Whatley, also 78 and working as a gamekeeper in Wiltshire, said he did not know anything about the SS Great Britain before taking on the job to help save it. He said the vessel they found was fragile. “The hull was full of mud and dirt and you could easily poke your finger through,” he said. The water the ship was resting in was shallow but dark and cold and the salvage needed determination and ingenuity. As well as patching the holes they had to dig a tunnel in the seabed to reach the keel to carry out repairs there.
Despite the frantic rush to save the vessel when it unexpectedly floated, Whatley had time to take in the sight of Brunel’s ship rising up. “Those sharp bows coming out of the water was the most magnificent sight I’ve ever seen,” he said. “I’ll never forget it.”
Peter Gibbs recalls visiting the SS Great Britain in his memoirs of 2 years spent in the Antarctic
“Back in Stanley there was talk of a dance for the Britannia crew but Henry, Dick, Jerry, Hugh and I adopted a private plan going across the bay in the Biscoe’s motorboat, thanks to Jerry the Bosun, and landing near the floating wreck of the SS Great Britain. Dick and Jerry had got supplies from the Biscoe’s larder and also a .22 rifle. There was plenty of driftwood and stones for a crude shelter and the supply of food was augmented with two geese that I shot. (To my chagrin I discovered later from Doc Slessor that they were protected Flightless Rail!). We went climbing on some slab outcrops. As we were cooking our meal in the late afternoon light in between a shower or two, a helicopter came down and landed nearby. We wondered a bit guiltily if we were wanted men. Out stepped two officers of the SS Britannia. “May we have your kind permission to shoot hares on your land, Sir?” said one of them. We called their bluff for just a moment longer and then shared a laugh and a mug of tea.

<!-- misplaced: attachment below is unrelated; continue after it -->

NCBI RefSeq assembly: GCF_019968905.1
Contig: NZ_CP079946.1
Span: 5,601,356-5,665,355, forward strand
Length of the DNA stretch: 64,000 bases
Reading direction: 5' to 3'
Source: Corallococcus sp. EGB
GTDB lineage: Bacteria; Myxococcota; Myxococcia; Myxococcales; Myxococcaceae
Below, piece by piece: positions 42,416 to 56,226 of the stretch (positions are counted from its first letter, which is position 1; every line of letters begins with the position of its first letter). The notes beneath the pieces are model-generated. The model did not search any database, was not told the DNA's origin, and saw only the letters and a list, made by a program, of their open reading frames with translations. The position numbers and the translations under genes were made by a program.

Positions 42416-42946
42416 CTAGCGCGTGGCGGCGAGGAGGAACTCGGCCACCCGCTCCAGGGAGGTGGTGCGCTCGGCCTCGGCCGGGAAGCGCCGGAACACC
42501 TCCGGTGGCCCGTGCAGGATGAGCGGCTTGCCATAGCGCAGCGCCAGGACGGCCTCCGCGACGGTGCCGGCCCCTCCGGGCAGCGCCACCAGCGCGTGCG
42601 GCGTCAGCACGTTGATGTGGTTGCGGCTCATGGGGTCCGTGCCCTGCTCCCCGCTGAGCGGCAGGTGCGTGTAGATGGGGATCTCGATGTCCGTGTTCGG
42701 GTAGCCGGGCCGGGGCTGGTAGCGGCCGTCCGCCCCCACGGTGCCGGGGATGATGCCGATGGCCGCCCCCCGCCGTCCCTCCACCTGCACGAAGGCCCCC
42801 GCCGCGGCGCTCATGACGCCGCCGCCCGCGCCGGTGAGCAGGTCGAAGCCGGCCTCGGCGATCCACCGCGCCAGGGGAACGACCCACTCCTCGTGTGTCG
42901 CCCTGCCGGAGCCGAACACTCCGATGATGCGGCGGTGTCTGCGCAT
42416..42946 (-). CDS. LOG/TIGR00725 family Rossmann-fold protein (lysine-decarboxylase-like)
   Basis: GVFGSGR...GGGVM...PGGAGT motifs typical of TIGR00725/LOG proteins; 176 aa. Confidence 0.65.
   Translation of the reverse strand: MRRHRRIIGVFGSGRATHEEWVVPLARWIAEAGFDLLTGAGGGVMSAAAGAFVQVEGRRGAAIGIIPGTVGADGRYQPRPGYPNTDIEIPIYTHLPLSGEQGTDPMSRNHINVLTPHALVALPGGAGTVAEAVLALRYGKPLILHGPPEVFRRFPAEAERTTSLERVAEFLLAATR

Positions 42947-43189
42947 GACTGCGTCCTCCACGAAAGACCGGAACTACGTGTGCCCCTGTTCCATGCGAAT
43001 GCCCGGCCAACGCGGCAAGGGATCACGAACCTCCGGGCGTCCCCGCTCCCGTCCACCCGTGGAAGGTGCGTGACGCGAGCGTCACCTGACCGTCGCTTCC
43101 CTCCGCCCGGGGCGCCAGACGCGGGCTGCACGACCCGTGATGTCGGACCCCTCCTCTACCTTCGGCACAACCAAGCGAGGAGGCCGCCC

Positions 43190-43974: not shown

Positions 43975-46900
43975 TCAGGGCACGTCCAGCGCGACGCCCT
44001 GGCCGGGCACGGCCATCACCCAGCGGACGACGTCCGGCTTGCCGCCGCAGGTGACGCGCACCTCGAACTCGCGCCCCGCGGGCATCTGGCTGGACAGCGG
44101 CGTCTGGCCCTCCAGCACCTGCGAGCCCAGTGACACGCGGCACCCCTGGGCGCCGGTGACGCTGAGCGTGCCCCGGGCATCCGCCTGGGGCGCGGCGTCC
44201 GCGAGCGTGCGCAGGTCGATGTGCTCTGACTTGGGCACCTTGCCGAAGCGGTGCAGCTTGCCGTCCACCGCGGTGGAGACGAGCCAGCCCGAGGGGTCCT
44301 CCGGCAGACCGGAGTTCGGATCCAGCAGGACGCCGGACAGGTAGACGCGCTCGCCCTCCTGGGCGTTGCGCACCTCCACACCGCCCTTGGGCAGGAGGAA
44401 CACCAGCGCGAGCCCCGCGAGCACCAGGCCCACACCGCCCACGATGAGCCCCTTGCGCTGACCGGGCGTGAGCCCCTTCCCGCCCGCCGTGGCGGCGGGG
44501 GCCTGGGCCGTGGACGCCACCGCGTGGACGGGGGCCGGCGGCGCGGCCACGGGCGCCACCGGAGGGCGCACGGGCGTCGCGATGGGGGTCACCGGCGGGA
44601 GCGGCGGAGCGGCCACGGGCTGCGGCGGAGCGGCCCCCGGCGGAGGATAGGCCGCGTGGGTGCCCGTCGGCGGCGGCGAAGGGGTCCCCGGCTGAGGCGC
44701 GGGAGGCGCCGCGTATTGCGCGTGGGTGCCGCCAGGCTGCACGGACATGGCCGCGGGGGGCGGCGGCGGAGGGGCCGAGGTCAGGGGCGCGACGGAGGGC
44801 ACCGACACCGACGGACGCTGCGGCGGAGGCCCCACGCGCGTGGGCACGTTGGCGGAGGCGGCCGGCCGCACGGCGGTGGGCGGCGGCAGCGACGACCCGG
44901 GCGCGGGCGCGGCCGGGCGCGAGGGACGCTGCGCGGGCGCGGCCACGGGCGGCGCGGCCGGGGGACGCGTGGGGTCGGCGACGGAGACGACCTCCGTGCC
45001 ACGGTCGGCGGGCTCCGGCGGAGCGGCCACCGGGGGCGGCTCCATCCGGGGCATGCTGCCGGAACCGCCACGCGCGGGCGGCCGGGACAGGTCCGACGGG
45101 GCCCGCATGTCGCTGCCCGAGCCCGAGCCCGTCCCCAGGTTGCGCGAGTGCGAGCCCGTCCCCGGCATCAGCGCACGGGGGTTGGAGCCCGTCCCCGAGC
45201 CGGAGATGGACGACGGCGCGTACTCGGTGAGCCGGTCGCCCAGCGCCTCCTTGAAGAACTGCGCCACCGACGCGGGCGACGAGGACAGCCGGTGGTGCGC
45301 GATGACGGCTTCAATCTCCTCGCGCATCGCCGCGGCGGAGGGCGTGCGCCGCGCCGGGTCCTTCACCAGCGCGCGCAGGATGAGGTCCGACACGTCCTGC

The structure sheltered all five of us alright and we had a rare adventure next day like schoolboys on an outward-bound initiative course. The competition was to reach the wrecked Great Britain, a good couple of hundred yards offshore, on rafts. Henry and I made one that started sinking just as we reached the wreck. He was thrown into the water and swam to shore in a cold state. Hugh reached the wreck on a single large piece of timber. Jerry’s bicycle-type raft never floated at all. We gorged on hare left by the shooters. In the afternoon I walked back to Stanley around the coast, about 15 miles, but slow where the Murrell river estuary required a long deep wade.”